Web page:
Students of the Obamacare replacement effort were assigned two lessons in health care policy messaging in the past week, courtesy of comic television host Jimmy Kimmel and Rep. Raúl Labrador (R-ID). Would the class like to guess who taught which lesson?
One speaker demonstrated the persuasive power of emotional assertions not grounded in reason or fact. The other speaker demonstrated the futility of using only reason and fact to persuade an emotional audience. These lessons are especially true of health care policy debates, which frequently and irrationally place the interests of the few ahead of those of the many, thereby failing to serve either group well.
In the opening monologue of ABC’s Jimmy Kimmel Live on May 2, Kimmel shared a sobering, tear-filled story about his newborn son, Billy, who was rushed into lifesaving open-heart surgery days after birth:
“My wife was in bed relaxing when a very attentive nurse at Cedars-Sinai hospital … was checking him out and heard a murmur in his heart, which is common with newborn babies, but she also noticed that he was a bit purple, which is not common.”
He is right. Purple and baby don’t mix well. The slightest commerce between these nouns is a terrifying prospect for any parent, as I can attest from the experience of my daughter Betsy’s birth (which, I am thankful, was a far easier fix than Billy Kimmel’s complication). Fortunately, Billy’s problem appears to have resolved, too.
Kimmel eventually segued from telling his son’s birth story to defending the Affordable Care Act (ACA), which, Kimmel posits, enables babies to obtain lifesaving emergency procedures:
“We were brought up to believe that we live in the greatest country in the world, but until a few years ago, millions and millions of us had no access to health insurance at all. You know, before 2014, if you were born with congenital heart disease like my son was, there was a good chance you would never be able to get health insurance because you had a preexisting condition. You were born with a preexisting condition, and if your parents didn’t have medical insurance, you might not even live long enough to get denied because of a preexisting condition. If your baby is going to die, and it doesn’t have to, it shouldn’t matter how much money you make. I think that’s something now, whether you’re a Republican or Democrat, or something else, we all agree on that, right? I mean, we do.”
Kimmel concludes that because everyone agrees babies shouldn’t be left to die due to their family’s income level, Congress should vote to keep the ACA:
“Whatever your party, whatever you believe, whoever you support, we need to make sure that people who are supposed to represent us – and people who are meeting about this right now in Washington – understand that very clearly. Let’s stop with the nonsense. This isn’t football, there are no teams. We are the team, it’s the United States. Don’t let their partisan squabbles divide us on something every decent person wants. We need to take care of each other. I saw a lot of families there, and no parent should ever have to decide if they can afford to save their child’s life. It just shouldn’t happen. Not here.”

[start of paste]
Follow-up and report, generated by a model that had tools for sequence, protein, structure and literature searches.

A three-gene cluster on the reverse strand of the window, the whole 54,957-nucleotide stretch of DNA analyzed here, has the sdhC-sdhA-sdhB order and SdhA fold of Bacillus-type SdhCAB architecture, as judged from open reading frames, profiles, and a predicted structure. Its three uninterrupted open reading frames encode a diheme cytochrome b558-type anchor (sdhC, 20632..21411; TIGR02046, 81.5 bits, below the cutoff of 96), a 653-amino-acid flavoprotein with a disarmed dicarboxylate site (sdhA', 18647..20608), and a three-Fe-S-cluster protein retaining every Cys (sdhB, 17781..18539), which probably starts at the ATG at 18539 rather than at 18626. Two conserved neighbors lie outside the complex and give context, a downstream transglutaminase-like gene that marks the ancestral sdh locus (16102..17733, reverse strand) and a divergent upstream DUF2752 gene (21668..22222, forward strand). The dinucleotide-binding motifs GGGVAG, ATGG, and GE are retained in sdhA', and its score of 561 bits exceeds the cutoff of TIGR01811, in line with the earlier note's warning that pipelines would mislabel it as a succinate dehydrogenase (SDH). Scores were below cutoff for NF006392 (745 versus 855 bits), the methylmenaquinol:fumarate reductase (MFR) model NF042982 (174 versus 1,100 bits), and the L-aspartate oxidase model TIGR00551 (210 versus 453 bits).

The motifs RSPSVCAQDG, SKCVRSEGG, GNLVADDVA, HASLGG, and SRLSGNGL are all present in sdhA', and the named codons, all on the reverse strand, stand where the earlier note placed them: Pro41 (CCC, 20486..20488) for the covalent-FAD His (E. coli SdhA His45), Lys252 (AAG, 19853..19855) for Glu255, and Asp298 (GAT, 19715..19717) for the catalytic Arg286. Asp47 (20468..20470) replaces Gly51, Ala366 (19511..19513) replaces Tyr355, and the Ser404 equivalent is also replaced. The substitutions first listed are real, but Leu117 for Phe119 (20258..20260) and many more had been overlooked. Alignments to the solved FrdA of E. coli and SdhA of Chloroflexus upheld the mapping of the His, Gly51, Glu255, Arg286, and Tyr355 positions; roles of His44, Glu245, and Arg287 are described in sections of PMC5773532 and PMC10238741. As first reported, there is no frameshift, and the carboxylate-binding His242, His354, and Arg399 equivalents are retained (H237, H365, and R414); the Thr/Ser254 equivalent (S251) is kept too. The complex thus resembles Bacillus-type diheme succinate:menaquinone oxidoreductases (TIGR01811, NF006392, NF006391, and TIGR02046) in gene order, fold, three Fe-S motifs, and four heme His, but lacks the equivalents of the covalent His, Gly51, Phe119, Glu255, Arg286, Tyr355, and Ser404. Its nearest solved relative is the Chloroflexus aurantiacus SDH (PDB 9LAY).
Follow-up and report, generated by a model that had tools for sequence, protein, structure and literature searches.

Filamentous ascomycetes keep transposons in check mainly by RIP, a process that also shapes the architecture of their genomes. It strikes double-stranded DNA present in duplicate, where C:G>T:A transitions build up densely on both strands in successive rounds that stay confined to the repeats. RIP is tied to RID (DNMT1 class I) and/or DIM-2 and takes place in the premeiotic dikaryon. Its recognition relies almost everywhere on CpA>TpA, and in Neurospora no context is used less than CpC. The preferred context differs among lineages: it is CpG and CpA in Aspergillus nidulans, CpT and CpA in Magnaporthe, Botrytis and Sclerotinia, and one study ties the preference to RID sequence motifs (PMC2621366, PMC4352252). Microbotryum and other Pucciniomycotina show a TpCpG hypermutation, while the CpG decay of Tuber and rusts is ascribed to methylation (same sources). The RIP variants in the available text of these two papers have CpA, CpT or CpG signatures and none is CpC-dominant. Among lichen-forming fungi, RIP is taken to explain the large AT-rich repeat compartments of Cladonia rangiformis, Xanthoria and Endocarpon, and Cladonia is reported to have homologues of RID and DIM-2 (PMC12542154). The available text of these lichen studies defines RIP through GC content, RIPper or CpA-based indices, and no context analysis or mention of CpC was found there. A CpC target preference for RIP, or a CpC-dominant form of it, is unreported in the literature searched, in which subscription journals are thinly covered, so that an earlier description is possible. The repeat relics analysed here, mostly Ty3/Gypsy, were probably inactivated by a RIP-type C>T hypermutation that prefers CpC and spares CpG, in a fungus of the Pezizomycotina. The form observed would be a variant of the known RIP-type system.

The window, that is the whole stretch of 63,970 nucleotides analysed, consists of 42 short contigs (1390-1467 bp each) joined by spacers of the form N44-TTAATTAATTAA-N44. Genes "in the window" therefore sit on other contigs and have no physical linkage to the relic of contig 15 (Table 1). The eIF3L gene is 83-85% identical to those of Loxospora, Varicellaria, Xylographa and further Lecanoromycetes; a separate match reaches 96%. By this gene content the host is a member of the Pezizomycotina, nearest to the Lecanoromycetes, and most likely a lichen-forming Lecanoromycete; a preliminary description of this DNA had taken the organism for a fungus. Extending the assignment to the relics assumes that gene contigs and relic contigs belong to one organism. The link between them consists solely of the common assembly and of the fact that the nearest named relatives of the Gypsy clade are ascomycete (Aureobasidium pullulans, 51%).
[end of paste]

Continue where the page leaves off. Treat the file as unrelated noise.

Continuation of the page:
Certainly, no parent should have to make such a choice. What Kimmel appears to misunderstand, however, is that neither babies nor adults are denied emergency procedures in the United States due to their insured status or ability to pay.
Moreover, as Aaron Bandler wrote for The Daily Wire, “everyone wishes Kimmel’s baby all the best but it is not a case for Obamacare.”
For starters, Kimmel’s son was treated at a charity care hospital with a $233 million budget funded by community philanthropists. Kimmel’s story illustrates how effective charity care can be at delivering needed health care, in contrast to a centrally planned government system, Bandler writes.
Kimmel also misunderstands that before the ACA, employer-sponsored and government-sponsored health insurance plans were required to cover preexisting conditions. Everyone else represents the “individual market.” The number of people in this market with preexisting conditions who were unable to obtain health insurance before the ACA was less than 120,000-a slight percentage of the individual market, according to research Bandler attributes to Forbes opinion editor and health care policy expert Avik Roy.
The gravity and sincerity of Kimmel’s story of his son’s birth and emergency condition do not make his story relevant to Obamacare, 80 percent of whose beneficiaries obtain insurance through Medicaid (government-sponsored health insurance). Nor did Kimmel’s story stop the U.S. House of Representatives from passing the American Health Care Act (AHCA) to repeal major parts of Obamacare on May 4. But with more than 10.3 million views on YouTube, Kimmel’s emotional message sure was popular.
The same cannot be said for Idaho Rep. Raúl Labrador’s message at a town hall meeting defending his vote for the AHCA, also on YouTube. “You are mandating people on Medicaid accept dying,” a constituent said. Labrador countered, “Nobody dies because they don’t have access to health care.” The crowd erupted.
Technically, Labrador is right, for reasons Bandler outlined for Kimmel fans. But mere facts do not a persuasive argument make-certainly not to an audience afraid the bill you’re trying to make into law will kill them (even though it won’t).
The AHCA is a long way from perfect, and House Republicans should have used it to give patients more control over their health care dollars than the bill would.
But instead of promising people the AHCA will not kill them, the Republican message should be what most people, including Obamacare enrollees, already know: Obamacare’s soaring premiums, uselessly high deductibles, limited choice of providers, and stranglehold on competition is killing them. The AHCA is not the cure, but it could prove a defibrillator.